Everything in these two volumes illustrates forcibly the brevity, the absolutely right proportion of language to idea, which from the first had marked Hawthorne with one trait, at least, quite unlike any displayed by the writers with whom he was compared, and entirely foreign to the mood of the present century. This sense of form, the highest and last attribute of a creative writer, provided it comes as the result of a deep necessity of his genius, and not as a mere acquirement of art, is a quality that has not been enough noticed in him; doubtless because it is not enough looked for anywhere by the majority of critics and readers, in these days of adulteration and of rapid manufacture out of shoddy and short-fibred stuffs. We demand a given measure of reading, good or bad, and producers of it are in great part paid for length: so that with much using of thin and shapeless literature, we have forgotten how good is that which is solid and has form. But, having attained this perfection in the short story, Hawthorne thereafter abandoned it for a larger mould.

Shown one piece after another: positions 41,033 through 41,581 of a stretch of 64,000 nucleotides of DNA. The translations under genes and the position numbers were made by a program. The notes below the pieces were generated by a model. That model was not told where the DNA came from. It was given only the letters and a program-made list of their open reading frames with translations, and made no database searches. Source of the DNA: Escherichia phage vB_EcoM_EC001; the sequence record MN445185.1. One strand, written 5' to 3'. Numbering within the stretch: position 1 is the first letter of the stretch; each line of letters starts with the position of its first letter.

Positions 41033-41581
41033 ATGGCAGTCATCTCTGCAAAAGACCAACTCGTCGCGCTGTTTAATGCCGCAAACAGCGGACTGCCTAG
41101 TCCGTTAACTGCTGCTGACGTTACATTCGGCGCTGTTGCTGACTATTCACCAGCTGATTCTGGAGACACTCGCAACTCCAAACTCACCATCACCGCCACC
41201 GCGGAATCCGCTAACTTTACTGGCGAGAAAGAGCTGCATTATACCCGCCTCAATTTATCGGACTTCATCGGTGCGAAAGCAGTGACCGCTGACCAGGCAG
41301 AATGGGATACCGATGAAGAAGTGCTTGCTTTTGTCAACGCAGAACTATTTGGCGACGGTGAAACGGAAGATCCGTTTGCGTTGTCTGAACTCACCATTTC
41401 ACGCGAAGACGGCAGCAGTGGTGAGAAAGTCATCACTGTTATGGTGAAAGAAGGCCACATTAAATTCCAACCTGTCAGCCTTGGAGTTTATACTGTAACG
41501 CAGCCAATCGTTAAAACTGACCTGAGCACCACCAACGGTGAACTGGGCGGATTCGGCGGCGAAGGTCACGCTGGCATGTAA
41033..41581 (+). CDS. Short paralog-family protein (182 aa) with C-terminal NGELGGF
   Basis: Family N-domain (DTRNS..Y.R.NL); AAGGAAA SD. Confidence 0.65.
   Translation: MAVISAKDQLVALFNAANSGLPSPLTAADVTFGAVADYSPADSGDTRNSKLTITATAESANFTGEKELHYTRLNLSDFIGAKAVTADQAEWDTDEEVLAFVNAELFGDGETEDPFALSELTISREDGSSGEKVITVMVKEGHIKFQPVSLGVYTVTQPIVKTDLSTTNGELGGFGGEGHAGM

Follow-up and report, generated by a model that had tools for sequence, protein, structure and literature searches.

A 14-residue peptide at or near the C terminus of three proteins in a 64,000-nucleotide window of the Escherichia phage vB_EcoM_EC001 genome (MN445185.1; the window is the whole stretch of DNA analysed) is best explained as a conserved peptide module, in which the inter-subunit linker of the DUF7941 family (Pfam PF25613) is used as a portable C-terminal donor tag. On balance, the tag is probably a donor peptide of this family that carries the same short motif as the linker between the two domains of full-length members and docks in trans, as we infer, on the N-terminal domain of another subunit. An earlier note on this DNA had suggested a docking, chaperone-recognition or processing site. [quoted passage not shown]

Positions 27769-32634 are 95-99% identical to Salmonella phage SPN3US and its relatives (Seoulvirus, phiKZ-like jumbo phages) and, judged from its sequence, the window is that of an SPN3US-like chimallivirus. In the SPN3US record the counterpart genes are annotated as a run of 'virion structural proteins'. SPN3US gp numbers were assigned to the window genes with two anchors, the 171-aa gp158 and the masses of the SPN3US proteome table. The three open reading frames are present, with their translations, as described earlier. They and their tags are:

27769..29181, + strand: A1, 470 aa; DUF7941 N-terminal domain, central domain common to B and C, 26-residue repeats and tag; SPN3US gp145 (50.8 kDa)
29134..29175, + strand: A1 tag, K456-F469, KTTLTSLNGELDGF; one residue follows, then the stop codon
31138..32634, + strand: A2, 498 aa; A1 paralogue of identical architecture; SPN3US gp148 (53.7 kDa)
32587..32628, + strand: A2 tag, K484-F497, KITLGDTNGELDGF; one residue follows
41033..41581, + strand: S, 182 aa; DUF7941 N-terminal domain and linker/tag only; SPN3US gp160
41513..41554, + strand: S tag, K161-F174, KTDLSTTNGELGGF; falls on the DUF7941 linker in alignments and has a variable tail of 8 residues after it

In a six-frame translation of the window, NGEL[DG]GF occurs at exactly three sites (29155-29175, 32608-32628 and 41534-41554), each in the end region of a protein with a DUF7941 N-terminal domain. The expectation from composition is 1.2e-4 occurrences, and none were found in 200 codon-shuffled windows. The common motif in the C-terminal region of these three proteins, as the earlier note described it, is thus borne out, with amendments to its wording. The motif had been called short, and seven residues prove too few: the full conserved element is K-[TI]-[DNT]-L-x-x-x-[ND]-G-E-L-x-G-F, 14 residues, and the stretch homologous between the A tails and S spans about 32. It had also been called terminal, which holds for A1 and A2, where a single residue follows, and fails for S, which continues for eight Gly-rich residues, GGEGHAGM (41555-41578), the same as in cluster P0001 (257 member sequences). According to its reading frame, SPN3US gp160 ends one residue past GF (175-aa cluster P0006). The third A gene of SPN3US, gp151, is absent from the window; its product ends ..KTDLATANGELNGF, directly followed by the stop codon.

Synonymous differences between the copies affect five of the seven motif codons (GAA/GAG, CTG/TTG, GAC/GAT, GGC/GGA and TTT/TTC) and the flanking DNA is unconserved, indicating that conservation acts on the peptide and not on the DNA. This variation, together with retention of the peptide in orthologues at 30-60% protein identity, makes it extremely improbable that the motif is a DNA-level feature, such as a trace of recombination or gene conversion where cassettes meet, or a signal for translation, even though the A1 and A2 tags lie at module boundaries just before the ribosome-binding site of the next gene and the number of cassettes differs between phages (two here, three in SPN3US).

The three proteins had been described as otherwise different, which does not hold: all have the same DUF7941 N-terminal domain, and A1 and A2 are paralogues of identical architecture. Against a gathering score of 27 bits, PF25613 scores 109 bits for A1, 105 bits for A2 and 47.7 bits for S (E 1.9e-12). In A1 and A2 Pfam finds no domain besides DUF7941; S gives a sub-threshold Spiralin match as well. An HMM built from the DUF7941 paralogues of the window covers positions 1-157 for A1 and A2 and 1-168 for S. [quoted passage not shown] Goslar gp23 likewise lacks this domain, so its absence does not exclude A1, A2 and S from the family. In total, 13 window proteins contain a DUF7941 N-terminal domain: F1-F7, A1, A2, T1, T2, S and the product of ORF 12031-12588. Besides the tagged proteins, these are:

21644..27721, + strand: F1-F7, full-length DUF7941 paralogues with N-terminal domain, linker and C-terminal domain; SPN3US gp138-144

The "Mosses," as I have said, gained him many admirers. In them he for the first time touched somewhat upon the tendencies of the current epoch, and took an entirely independent stand among the philosophers of New England. Yet, for a while, there was the oddest misconception of his attitude by those at a distance. A Whig magazine, pleased by his manly and open conservatism, felt convinced that he must be a Whig, though he was, at the moment of the announcement, taking office under a Democratic President. On the other hand, a writer in "The Church Review" of New Haven, whom we shall presently see more of, was incited to a tilt against him as a rabid New England theorist, the outcome, of phalansteries, a subverter of marriage and of all other holy things. In like manner, while Hawthorne was casting now and then a keen dart at the Transcendentalists, and falling asleep over "The Dial" (as his journals betray), Edgar Poe, a literary Erinaceus, wellnigh exhausted his supply of quills upon the author, as belonging to a school toward which he felt peculiar acerbity. "Let him mend his pen," cried Poe, in his most high-pitched strain of personal abuse, "get a bottle of visible ink, hang (if possible) the editor of 'The Dial,' cut Mr. Alcott, and throw out of the window to the pigs all his odd numbers of the 'North American Review.'" This paper of Poe's is a laughable and pathetic case of his professedly punctilious analysis covering the most bitter attacks, with traces of what looks like envy, and others of a resistless impulse to sympathize with a literary brother as against the average mind. He begins with a discussion of originality and peculiarity: "In one sense, to be peculiar is to be original," he says, but the true originality is "not the uniform but the continuous peculiarity, ... giving its own hue to everything it touches," and touching everything. From this flimsy and very uncertain principle, which seems to make two different things out of the same thing, he goes on to conclude that, "the fact is, if Mr. Hawthorne were really original, he could not fail of making himself felt by the public. But the fact is, he is not original in any sense." He then attempts to show that Hawthorne's peculiarity is derivative, and selects Tieck as the source of this idiosyncrasy. Perhaps his insinuation may be the origin of Hawthorne's effort to read some of the German author, while at the Old Manse,—an attempt given up in great fatigue. Presently, the unhappy critic brings up his favorite charge of plagiarism; and it happens, as usual, that the writer borrowed from is Poe himself! The similarity which he discovers is between "Howe's Masquerade" and "William Wilson," and is based upon fancied resemblances of situation, which have not the least foundation in the facts, and upon the occurrence in both stories of the phrase, "Villain, unmuffle yourself!" In the latter half of his review, written a little later, Mr. Poe takes quite another tack:—